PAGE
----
When Paul Manafort joined the Donald Trump campaign as chairman, he bragged that he’d be doing so without pay — as if he was fulfilling some higher, altruistic purpose in working for the outsider candidate. Now we know, thanks to a superseding indictment Special Counsel Robert Mueller obtained on Thursday against him and his longtime associate, Rick Gates, that the pair were paying themselves handsomely before, during, and after the presidential election. The 32-count charging document, filed in a federal courtroom in Virginia, accuses the men of an elaborate scheme to defraud both the United States and private financial institutions by failing to accurately report their taxes or seeking bank loans using false information, among other charges.
Like the charges they were already facing, the new indictment is astonishing in its detail — both Manafort and Gates are portrayed in it as active cooperators in a conspiracy to hide from the federal government tens of millions of dollars that they stashed in offshore accounts and then wired to the U.S. for various questionable business projects, and without telling the IRS about it. Much of it was already laid out in Mueller’s original indictment against the two defendants in October. But the new round of charges paints a more complete picture about the tax implications of the already-known money-laundering accusations — remember Manafort’s penchant for expensive suits and antique rugs? — and adds additional counts for another scheme to obtain millions in fraudulent bank loans from a number of sources. This latter set of charges — which involved overblowing their income or concealing their liabilities — is interesting because they arose in the heat of the presidential campaign and through the transition, in which Gates played a role.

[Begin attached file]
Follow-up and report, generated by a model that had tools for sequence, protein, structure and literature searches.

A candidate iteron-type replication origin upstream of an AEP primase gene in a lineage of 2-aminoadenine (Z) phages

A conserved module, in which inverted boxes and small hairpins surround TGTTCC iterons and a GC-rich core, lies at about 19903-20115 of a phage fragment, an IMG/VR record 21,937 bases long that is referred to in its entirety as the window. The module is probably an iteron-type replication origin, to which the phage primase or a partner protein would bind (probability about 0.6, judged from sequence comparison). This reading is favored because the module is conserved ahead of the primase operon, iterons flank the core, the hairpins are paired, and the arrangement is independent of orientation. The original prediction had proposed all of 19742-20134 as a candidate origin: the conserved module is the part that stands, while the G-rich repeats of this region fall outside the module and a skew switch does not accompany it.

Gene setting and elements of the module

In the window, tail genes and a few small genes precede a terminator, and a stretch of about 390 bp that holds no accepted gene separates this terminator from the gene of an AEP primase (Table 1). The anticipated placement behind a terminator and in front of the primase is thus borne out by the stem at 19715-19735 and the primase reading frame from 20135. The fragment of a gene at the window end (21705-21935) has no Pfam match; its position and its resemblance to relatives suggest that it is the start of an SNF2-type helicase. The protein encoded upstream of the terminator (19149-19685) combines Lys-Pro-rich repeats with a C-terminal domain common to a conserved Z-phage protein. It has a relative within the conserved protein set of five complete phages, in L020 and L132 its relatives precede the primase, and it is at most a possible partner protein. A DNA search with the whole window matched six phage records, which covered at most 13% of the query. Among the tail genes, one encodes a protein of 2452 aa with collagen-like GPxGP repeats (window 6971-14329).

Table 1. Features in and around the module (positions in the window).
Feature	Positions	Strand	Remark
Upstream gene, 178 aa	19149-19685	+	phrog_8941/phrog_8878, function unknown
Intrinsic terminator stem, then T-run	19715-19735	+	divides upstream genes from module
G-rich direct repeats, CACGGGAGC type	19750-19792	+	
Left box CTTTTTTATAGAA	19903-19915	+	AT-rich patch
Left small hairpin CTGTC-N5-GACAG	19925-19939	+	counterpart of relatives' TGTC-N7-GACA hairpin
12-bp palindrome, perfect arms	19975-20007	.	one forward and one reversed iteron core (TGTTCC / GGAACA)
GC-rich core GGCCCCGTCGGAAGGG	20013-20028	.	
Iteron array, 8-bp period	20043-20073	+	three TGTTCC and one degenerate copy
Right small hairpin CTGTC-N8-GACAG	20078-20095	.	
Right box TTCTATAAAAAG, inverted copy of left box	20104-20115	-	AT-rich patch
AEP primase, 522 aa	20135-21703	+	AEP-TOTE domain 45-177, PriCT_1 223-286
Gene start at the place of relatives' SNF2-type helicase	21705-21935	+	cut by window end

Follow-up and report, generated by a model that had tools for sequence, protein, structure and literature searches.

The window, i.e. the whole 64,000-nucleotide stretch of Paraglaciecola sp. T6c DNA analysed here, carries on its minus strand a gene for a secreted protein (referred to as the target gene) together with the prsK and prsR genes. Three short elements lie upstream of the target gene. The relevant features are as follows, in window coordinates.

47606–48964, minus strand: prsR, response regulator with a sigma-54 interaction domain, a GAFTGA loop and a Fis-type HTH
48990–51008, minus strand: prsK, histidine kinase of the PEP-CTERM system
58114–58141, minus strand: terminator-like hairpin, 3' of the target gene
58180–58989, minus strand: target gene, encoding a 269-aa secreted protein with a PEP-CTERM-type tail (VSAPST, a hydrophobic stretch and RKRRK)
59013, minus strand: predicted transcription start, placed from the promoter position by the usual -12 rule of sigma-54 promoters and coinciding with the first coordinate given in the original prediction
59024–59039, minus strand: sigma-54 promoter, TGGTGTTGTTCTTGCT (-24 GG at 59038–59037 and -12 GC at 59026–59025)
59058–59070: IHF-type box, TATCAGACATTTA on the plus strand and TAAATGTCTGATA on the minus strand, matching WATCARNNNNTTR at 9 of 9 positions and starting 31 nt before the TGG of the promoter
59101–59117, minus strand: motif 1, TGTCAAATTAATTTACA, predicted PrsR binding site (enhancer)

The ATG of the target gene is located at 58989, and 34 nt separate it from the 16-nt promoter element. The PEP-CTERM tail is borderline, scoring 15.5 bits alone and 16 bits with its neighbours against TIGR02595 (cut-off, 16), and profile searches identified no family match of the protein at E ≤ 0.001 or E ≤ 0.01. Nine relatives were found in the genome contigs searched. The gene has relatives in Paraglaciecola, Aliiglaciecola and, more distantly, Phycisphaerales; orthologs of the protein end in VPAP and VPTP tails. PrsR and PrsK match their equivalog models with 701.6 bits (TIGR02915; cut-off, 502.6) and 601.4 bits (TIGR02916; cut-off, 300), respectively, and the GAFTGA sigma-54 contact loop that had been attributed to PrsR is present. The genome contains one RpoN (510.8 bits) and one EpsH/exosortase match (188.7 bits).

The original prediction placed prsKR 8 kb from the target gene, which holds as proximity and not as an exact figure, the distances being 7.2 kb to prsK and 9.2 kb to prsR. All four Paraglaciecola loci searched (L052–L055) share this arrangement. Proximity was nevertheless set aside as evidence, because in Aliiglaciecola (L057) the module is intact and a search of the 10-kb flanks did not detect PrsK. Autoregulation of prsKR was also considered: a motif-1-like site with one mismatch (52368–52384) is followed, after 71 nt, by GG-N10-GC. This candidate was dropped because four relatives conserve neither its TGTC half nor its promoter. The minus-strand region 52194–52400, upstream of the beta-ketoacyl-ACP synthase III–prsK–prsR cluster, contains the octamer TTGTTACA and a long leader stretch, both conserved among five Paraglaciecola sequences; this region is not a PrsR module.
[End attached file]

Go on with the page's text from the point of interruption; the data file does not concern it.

As with anything the special counsel does, we only see through a glass, darkly. But what’s certain with Thursday’s new and improved indictment is that it’s designed to exert more pressure on Manafort and Gates to give up the fight and plead guilty rather than go head-to-head with Mueller’s team in court. At least as to Gates, the tactic may be working: Just as the new charges were made public, Tom Green, a prominent attorney known for cutting favorable plea deals for his clients, asked to become Gates’s new lawyer in the separate Washington case. But with such a hefty case already against him, Gates is unlikely to catch a break without first agreeing to give Mueller something in return. That may mean flipping on his business associate, Manafort — and testifying against him if he has to. But would that threat be enough to get Manafort to flip against a bigger fish, perhaps his former landlord at Trump Tower? Only time will tell.